In a recent study published in The Lancet’s Infectious Diseases, researchers in the United States evaluated nirmatrelvir–ritonavir treatment effectiveness against hospitalizations and deaths among coronavirus disease 2019 (COVID-19) outpatients in the United States of America (USA).
Study: Effectiveness of nirmatrelvir–ritonavir in preventing hospital admissions and deaths in people with COVID-19: a cohort study in a large US health-care system. Image Credit: WESTOCK PRODUCTIONS / Shutterstock
The continual emergence of increasingly transmissible and immune-evasive severe acute respiratory syndrome coronavirus 2 (SARS-CoV-2) variants has challenged the therapeutic efficacy of COVID-19 vaccines, monoclonal antibodies, and antiviral agents, warranting the development of substances effective against variant mutations.
The evaluation of protease inhibition for COVID-19 in high-risk patients (EPIC-HR) trial findings indicated that orally administered nirmatrelvir-ritonavir (Paxlovid) lowered COVID-19-associated hospitalization risks by 89%. When nirmatrelvir-ritonavir was administered within 28 days of treatment among unvaccinated adult COVID-19 outpatients prone to severe COVID-19 outcomes, this result was observed.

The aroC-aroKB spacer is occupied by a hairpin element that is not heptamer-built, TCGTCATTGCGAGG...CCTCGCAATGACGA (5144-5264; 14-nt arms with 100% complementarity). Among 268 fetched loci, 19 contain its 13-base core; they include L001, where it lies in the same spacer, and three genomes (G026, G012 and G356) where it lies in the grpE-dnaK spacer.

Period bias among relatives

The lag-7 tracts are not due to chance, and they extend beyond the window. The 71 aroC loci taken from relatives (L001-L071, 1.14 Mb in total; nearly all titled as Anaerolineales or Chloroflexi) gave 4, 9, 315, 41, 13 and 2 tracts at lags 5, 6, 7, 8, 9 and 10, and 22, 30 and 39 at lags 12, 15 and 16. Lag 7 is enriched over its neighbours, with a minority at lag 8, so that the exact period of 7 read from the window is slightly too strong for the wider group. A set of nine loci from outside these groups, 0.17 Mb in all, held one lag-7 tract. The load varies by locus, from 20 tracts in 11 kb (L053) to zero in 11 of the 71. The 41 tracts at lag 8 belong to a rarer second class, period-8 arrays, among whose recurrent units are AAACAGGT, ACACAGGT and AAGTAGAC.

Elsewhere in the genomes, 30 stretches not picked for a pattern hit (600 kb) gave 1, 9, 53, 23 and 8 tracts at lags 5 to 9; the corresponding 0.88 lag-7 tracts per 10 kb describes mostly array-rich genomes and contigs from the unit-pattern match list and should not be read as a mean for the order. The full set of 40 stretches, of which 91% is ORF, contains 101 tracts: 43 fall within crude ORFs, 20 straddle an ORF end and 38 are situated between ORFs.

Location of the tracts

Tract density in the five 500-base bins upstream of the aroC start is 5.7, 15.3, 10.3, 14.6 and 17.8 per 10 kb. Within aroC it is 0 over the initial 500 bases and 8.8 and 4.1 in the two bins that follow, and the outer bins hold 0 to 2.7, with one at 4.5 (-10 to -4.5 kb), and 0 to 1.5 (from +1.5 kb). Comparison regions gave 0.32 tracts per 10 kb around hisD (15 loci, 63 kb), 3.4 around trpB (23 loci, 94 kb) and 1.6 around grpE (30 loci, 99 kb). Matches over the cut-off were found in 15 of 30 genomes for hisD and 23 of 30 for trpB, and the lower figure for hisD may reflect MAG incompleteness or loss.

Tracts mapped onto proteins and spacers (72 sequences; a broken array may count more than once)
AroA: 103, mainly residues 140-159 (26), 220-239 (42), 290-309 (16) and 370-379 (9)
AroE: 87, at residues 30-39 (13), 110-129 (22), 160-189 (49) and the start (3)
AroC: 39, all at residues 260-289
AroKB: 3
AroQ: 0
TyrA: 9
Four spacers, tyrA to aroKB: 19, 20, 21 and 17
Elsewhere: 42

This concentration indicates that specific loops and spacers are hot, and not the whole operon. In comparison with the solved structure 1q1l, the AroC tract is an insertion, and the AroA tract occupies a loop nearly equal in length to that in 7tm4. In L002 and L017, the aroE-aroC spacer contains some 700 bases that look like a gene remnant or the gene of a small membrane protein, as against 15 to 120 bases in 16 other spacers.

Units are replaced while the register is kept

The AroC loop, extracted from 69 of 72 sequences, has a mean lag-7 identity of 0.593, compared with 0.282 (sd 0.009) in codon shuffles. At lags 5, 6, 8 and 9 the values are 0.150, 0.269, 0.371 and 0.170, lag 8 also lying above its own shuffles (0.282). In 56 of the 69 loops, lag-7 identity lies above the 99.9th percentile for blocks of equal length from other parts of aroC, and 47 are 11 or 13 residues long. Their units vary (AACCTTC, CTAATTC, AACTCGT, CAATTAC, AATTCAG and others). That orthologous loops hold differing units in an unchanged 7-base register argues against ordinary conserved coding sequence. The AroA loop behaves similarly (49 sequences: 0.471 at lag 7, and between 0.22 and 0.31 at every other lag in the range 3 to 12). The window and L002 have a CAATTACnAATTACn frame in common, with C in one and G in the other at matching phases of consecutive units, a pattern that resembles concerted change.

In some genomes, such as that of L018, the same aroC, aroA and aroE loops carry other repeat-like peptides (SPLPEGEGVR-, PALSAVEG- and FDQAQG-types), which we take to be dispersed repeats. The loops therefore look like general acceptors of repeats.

Subsequently, nirmatrelvir-ritonavir was authorized by the US Food and Drug Administration for emergency usage among high-risk individuals with mild-moderate SARS-CoV-2 infections aged ≥12 years. However, further research is required to evaluate nirmatrelvir-ritonavir’s effectiveness in preventing COVID-19 severity outcomes in the real world.
About the study
In the present observational retrospective cohort study, researchers estimated nirmatrelvir–ritonavir effectiveness in preventing COVID-19-associated hospitalizations and deaths in outpatient settings.
The study comprised individuals registered with the Kaiser Permanente healthcare system of South California (CA). The team retrieved data from the electronic medical records and via structured questionnaires of non-hospitalized patients aged ≥12 years.
These individuals had a SARS-CoV-2-positive polymerase chain reaction (PCR) report (index COVID-19 test date) between 8 April and 7 October 2022 without any such positive reports in the previous 90.0 days. In addition, included individuals were not hospitalized at the time of index testing or the week prior and were registered with the KPSC system for ≥1.0 years before the index test.